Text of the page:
In recent years the traditional Christmas markets that are popular in Germany and elsewhere on the continent of Europe have become increasingly common in England, and most cities now have one. In London there are several, including one at Covent Garden, but our favourite is the one held on the South Bank by the Royal Festival Hall. The atmosphere by the river is really festive, with the lights reflecting in the water, and often there is a parallel Real Food Market on the other side of the Royal Festival Hall offering even more tasty meals than the Christmas market stalls. Not that the latter are short on treats – far from it! You will always find German-style sausages, burgers, crepes and much more. And of course there is Glühwein to warm you up on a chilly afternoon.
As to shopping, there’s a good mix of stalls selling various crafts and gifts. These range from the pretty high quality (I’ve seen hand-made leather bags and beautiful jewellery in the past) to the cheap and cheerful. I always find one or two nice presents here for friends or family.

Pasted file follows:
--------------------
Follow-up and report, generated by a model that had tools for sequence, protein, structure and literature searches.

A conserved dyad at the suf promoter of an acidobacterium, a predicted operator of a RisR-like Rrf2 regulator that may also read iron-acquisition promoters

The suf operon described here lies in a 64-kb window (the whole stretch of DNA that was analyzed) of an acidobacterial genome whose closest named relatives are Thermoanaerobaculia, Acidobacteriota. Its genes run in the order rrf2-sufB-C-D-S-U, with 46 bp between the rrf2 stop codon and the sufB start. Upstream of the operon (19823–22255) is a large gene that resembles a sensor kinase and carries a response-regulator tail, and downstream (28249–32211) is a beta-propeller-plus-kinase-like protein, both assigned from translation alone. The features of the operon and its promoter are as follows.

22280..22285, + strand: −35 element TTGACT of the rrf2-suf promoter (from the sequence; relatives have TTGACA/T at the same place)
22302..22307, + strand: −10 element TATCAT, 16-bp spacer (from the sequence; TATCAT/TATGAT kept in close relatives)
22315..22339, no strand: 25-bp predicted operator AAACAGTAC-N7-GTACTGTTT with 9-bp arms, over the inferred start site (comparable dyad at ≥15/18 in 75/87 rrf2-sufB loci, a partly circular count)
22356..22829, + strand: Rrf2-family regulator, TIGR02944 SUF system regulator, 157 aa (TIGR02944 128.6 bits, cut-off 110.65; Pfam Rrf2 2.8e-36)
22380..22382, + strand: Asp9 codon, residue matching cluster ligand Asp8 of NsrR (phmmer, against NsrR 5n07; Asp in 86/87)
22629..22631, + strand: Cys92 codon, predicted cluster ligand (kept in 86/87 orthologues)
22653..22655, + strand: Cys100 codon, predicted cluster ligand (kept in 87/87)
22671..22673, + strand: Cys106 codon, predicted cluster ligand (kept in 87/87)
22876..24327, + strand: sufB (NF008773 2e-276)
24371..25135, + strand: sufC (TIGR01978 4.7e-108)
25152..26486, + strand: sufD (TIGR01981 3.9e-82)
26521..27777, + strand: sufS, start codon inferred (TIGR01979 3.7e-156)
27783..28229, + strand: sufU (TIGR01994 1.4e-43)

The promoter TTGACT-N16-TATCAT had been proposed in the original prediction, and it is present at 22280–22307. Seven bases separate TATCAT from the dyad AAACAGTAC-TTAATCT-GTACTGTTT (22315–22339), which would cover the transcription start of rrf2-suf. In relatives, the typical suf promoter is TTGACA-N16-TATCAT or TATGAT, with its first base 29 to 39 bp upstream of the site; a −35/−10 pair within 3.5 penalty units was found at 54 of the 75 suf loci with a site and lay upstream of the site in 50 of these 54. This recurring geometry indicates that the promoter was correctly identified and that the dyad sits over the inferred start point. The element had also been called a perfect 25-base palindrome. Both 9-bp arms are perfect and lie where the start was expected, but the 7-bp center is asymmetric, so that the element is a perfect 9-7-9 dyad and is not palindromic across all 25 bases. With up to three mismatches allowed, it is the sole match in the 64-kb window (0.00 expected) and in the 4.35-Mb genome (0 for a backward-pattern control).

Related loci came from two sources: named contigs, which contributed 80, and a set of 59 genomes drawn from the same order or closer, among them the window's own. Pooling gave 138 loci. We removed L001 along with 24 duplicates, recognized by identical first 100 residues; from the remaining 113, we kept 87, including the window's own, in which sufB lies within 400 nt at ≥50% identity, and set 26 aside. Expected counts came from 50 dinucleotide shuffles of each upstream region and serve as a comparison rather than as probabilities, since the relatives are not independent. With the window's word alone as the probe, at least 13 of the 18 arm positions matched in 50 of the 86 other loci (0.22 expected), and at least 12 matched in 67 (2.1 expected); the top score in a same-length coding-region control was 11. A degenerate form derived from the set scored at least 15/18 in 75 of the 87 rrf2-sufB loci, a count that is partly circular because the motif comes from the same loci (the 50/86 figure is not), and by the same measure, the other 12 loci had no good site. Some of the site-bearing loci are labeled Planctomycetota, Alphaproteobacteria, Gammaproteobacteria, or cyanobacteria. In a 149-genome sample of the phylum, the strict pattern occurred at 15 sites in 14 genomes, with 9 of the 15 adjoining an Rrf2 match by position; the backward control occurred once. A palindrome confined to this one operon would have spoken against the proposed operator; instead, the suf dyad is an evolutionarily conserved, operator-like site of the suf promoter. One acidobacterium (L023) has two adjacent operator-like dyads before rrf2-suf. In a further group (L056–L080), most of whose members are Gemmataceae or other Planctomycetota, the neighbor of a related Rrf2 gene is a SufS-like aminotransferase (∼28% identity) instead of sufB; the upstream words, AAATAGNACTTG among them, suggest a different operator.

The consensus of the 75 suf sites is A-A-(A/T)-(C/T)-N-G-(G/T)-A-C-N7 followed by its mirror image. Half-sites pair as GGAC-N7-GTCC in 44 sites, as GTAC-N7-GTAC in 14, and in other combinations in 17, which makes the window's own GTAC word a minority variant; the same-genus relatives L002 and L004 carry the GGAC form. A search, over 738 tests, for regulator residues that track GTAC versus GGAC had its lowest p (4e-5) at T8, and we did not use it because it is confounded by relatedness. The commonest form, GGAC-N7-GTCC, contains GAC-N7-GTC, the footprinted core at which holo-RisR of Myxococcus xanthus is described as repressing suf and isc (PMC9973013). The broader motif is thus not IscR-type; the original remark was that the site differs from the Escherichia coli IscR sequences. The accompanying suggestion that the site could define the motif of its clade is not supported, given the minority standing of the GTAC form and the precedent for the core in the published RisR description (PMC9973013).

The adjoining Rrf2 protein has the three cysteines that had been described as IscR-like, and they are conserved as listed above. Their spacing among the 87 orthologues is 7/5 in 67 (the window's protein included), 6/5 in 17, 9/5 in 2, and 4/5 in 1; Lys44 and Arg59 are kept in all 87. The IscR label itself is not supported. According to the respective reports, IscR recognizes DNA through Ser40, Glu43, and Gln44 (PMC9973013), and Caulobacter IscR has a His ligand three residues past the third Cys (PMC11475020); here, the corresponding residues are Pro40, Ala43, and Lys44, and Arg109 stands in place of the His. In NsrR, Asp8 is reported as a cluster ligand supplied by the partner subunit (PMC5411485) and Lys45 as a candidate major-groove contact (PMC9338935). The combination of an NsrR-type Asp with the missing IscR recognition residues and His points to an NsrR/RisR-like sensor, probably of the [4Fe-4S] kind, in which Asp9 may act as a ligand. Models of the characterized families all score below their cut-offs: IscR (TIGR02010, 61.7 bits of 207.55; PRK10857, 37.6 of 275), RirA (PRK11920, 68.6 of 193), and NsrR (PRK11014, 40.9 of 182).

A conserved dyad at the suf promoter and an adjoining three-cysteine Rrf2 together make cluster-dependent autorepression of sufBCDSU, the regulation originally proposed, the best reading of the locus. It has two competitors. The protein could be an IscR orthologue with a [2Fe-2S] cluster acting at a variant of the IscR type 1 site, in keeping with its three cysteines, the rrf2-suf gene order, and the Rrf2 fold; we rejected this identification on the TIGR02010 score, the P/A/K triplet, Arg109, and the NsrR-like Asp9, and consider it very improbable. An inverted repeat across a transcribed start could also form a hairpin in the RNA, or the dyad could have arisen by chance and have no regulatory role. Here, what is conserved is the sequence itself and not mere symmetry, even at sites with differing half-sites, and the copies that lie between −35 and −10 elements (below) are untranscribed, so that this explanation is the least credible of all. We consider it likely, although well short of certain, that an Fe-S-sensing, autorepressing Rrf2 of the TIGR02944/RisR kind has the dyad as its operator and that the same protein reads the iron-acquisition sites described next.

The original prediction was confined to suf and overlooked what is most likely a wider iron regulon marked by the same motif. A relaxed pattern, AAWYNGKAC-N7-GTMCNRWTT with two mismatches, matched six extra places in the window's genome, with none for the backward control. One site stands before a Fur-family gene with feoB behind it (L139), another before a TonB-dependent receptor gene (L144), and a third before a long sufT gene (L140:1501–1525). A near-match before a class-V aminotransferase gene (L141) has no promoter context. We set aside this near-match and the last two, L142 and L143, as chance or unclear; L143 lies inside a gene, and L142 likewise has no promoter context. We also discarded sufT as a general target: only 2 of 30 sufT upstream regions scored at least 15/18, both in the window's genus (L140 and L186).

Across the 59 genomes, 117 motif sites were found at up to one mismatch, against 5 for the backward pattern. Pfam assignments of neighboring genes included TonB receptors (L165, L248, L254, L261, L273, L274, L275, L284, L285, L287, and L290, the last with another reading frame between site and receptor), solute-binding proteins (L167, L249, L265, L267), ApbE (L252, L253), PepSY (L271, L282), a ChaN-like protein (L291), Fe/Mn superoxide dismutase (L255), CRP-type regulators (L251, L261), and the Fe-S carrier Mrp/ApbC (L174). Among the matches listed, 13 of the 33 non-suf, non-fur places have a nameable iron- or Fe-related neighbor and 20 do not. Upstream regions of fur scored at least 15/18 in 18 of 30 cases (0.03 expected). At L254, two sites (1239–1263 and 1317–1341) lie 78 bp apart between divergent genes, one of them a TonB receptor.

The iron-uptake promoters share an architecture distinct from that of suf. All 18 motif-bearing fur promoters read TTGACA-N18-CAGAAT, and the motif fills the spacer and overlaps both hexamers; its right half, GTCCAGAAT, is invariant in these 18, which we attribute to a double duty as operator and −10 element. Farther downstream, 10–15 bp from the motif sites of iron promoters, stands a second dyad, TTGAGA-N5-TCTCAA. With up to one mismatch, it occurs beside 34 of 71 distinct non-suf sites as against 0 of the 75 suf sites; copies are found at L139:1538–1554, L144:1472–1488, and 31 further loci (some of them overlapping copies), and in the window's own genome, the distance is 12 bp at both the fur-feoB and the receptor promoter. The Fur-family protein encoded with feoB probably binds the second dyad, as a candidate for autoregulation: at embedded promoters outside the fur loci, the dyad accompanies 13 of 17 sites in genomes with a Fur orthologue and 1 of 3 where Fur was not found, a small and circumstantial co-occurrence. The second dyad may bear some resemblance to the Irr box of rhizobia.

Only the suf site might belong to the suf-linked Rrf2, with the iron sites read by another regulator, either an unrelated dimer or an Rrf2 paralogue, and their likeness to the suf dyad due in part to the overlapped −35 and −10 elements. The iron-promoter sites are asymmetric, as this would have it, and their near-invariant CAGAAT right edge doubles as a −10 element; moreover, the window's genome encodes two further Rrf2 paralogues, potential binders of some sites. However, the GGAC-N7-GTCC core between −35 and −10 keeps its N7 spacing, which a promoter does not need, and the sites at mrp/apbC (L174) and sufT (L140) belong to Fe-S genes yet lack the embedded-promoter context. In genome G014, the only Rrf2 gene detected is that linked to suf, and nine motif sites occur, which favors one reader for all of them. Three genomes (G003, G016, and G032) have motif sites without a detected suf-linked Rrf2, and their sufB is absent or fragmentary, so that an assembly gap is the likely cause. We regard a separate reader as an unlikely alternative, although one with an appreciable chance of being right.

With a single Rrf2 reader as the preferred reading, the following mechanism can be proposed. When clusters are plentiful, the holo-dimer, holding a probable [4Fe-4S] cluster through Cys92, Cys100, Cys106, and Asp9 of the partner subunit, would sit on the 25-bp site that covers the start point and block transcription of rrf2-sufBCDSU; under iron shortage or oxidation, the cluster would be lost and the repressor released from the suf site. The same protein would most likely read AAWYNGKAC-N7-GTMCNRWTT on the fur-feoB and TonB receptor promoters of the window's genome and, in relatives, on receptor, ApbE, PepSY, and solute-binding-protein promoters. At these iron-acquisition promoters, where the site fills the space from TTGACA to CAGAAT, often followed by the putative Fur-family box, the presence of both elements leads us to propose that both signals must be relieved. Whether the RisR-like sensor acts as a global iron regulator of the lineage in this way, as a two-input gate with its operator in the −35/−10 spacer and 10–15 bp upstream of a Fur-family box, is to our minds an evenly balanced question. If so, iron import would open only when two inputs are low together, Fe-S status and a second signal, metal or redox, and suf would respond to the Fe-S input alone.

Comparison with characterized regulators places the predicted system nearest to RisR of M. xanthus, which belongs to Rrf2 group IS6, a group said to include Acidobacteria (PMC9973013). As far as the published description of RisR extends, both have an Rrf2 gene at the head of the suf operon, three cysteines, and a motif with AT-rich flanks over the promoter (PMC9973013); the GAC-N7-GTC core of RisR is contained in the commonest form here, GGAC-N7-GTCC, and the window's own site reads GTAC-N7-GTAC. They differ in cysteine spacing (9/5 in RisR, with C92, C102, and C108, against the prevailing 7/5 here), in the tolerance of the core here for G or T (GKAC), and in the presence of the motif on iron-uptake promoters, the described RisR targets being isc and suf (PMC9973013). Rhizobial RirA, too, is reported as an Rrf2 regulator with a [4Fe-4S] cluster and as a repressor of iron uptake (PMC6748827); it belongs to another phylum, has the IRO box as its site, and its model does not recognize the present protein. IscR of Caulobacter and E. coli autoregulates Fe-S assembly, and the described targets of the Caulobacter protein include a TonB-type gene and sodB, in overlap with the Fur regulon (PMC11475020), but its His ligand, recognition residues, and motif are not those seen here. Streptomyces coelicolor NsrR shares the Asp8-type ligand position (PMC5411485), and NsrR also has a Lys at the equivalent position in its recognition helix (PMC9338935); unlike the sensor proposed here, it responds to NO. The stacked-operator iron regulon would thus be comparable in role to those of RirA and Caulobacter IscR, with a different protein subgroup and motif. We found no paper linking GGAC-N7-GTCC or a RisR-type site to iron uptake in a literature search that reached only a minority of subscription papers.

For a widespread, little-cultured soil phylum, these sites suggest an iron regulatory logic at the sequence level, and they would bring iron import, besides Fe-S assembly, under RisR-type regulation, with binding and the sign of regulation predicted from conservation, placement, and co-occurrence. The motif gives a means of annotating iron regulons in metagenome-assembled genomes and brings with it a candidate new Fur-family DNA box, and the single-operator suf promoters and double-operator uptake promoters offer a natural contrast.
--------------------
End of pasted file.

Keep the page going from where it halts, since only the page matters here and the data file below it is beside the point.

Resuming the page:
There are also a few attractions, such as a carousel, and often seasonal music or carol singing. It’s a really good spot to get into the festive mood.
The market starts in mid November and runs through to Christmas Eve. The nearest Underground stations are Waterloo and Embankment, and you use the latter you can enjoy the walk across the Thames with the lights of the market drawing closer as you approach.
Christmas tree in Trafalgar Square
Every Christmas since 1947 a tall Christmas tree has stood in Trafalgar Square. It is a gift donated by the city of Oslo to the people of London in gratitude for British support during the Second World War. The tree usually arrives in late November or very early in December and stays until Twelfth Night. It is decorated quite simply, with strings of white lights, at a tree-lighting ceremony on the first Thursday in December. The same sign is always placed at its base:
This tree is given by the city of Oslo as a token of Norwegian gratitude to the people of London for their assistance during the years 1940-45.